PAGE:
Min Hu

Institute of Bioengineering and Nanotechnology, Tumasik, Singapore

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Publications (4)24.94 Total impact

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    ABSTRACT: Bioartificial kidneys (BAKs) containing human primary renal proximal tubule cells (HPTCs) have been applied in clinical trials. The results were encouraging, but also showed that more research is required. Animal cells or cell lines are not suitable for clinical applications, but have been mainly used in studies on BAK development as large numbers of such cells could be easily obtained. It is difficult to predict HPTC performance based on data obtained with other cell types. To enable more extensive studies on HPTCs, we have developed a bioreactor containing single hollow fiber membranes that requires relatively small amounts of cells. Special hollow fiber membranes with the skin layer on the outer surface and consisting of polyethersulfone/polyvinylpyrrolidone were developed. The results suggested that such hollow fiber membranes were more suitable for the bioreactor unit of BAKs than membranes with an inner skin layer. An HPTC-compatible double coating was applied to the insides of the hollow fiber membranes, which sustained the formation of functional epithelia under bioreactor conditions. Nevertheless, the state of differentiation of the primary human cells remained a critical issue and should be further addressed. The bioreactor system described here will facilitate further studies on the relevant human cell type.
    Biomaterials 08/2011; 32(34):8806-15. · 8.31 Impact Factor
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    ABSTRACT: Bioartificial kidneys (BAKs) combine a conventional hemofilter in series with a bioreactor unit containing renal epithelial cells. The epithelial cells derived from the renal tubule should provide transport, metabolic, endocrinologic and immunomodulatory functions. Currently, primary human renal proximal tubule cells are most relevant for clinical applications. However, the use of human primary cells is associated with many obstacles, and the development of alternatives and an unlimited cell source is one of the most urgent challenges. BAKs have been applied in Phase I/II and Phase II clinical trials for the treatment of critically ill patients with acute renal failure. Significant effects on cytokine concentrations and long-term survival were observed. A subsequent Phase IIb clinical trial was discontinued after an interim analysis, and these results showed that further intense research on BAK-based therapies for acute renal failure was required. Development of BAK-based therapies for the treatment of patients suffering from end-stage renal disease is even more challenging, and related problems and research approaches are discussed herein, along with the development of mobile, portable, wearable and implantable devices.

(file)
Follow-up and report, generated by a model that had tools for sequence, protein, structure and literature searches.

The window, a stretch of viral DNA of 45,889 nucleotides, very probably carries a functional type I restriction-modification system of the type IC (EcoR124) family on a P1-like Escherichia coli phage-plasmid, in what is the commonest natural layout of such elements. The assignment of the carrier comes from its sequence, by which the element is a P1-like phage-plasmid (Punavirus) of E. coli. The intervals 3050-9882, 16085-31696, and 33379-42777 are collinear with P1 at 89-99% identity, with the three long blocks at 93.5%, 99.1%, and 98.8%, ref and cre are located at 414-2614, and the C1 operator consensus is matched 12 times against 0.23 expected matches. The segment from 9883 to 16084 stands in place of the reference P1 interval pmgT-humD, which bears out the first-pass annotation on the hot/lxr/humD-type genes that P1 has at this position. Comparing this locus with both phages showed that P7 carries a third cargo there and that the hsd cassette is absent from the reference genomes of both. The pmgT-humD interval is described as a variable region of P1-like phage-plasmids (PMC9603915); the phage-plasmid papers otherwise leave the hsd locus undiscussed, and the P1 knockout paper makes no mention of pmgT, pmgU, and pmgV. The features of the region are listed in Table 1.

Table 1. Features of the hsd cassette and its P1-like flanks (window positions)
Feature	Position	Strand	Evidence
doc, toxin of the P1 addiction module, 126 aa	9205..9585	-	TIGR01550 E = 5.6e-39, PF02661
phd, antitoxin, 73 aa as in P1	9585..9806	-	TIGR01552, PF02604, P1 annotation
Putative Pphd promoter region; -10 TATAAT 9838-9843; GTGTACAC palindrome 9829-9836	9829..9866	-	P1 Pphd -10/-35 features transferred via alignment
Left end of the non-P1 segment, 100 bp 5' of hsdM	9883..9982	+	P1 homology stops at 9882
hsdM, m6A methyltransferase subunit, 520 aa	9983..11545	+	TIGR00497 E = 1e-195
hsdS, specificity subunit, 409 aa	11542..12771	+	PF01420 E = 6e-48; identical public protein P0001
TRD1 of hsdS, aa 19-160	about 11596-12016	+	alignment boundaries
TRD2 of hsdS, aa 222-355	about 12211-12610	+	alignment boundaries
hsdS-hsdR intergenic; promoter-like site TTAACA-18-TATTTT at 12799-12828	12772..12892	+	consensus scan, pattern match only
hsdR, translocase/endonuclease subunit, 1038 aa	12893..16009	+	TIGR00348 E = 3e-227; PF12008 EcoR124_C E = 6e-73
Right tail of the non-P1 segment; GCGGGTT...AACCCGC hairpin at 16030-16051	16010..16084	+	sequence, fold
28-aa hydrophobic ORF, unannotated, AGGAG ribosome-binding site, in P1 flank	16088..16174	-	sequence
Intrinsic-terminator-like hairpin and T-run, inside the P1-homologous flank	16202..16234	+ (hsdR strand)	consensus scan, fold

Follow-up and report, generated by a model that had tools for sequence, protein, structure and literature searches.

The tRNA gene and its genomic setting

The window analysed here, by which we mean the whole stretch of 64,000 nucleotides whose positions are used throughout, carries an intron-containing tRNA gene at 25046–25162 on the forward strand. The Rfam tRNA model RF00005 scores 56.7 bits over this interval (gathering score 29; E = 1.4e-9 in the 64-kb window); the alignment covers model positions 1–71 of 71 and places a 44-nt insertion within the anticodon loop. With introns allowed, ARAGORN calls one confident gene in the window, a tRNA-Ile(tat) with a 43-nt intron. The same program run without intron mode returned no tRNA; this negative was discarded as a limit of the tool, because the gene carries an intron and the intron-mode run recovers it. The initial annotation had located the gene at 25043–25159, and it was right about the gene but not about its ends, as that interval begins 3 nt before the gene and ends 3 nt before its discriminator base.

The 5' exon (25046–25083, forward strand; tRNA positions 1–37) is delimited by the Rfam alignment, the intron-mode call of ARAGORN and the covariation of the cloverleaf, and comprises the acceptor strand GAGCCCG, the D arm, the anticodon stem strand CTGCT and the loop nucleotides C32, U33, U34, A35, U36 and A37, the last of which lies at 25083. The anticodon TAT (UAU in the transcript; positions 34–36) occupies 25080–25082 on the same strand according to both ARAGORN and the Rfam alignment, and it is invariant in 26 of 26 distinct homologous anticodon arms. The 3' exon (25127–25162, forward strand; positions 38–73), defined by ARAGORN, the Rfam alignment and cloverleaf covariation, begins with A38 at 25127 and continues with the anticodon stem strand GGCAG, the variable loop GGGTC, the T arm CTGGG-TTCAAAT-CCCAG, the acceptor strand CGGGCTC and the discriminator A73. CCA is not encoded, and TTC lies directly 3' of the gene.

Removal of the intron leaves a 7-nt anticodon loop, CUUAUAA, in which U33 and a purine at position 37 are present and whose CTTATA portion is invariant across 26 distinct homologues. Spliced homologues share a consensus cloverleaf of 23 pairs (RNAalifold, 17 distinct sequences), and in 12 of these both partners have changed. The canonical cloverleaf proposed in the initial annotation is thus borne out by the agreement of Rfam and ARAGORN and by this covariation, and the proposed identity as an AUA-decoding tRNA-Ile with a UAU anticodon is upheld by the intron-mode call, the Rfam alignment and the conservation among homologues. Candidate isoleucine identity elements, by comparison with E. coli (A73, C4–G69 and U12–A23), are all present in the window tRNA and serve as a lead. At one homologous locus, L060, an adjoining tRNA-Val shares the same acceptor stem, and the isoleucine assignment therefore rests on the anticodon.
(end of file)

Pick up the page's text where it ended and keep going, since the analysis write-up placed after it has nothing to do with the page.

Fibrogenesis & Tissue Repair 01/2010; 3:14.
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    ABSTRACT: Hydrogel scaffolds are highly hydrated polymer networks that allow cells to adhere, proliferate and differentiate in the treatment of diseased or injured tissues and organs. Using hydrodynamic shaping and in situ cross-linking of hydrogel precursors, we have developed a highly efficient "hydrodynamic spinning" approach for synthesizing hydrogel fibers of different diameters in a multiphase coaxial flow. A triple-orifice spinneret has been created, and three different types of hydrogel precursors have been examined. Without changing the spinning head, hollow and solid hydrogel fibers with different diameters have been spun by simply manipulating the ratio of input flow rates. Together with the ability of simultaneous cell-seeding in the hydrogel matrix, hydrodynamic spinning can be broadly applied to many hydrogel materials, providing a powerful technique in the preparation of fiber-like and tubule-like hydrogel constructs for tissue engineering.
    Biomaterials 10/2009; 31(5):863-9. · 8.31 Impact Factor
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    ABSTRACT: Gelatin-hydroxyphenylpropionic acid (Gtn-HPA) hydrogels are highly porous and biodegradable materials. Herein we report a fiber spinning method that can produce cell-seeded solid and hollow hydrogel fibers by enzymatically cross-linking Gtn-HPA in solutions flowing within a capillary tube. The cell-immobilized hydrogel fibers, with feature sizes down to 20 microm, are formed as a result of continuous cross-linking of cell-mixed hydrogel precursors in a multiphase laminar flow. This fiber formation process is mild enough to retain the cell viability. The continuous fiber formation, simultaneous cell encapsulation, as well as versatile combination of fiber structures provided by this approach make it a promising and effective technique for the preparation of cell-seeded hydrogel scaffolds and carriers for tissue engineering.
    Biomaterials 04/2009; 30(21):3523-31. · 8.31 Impact Factor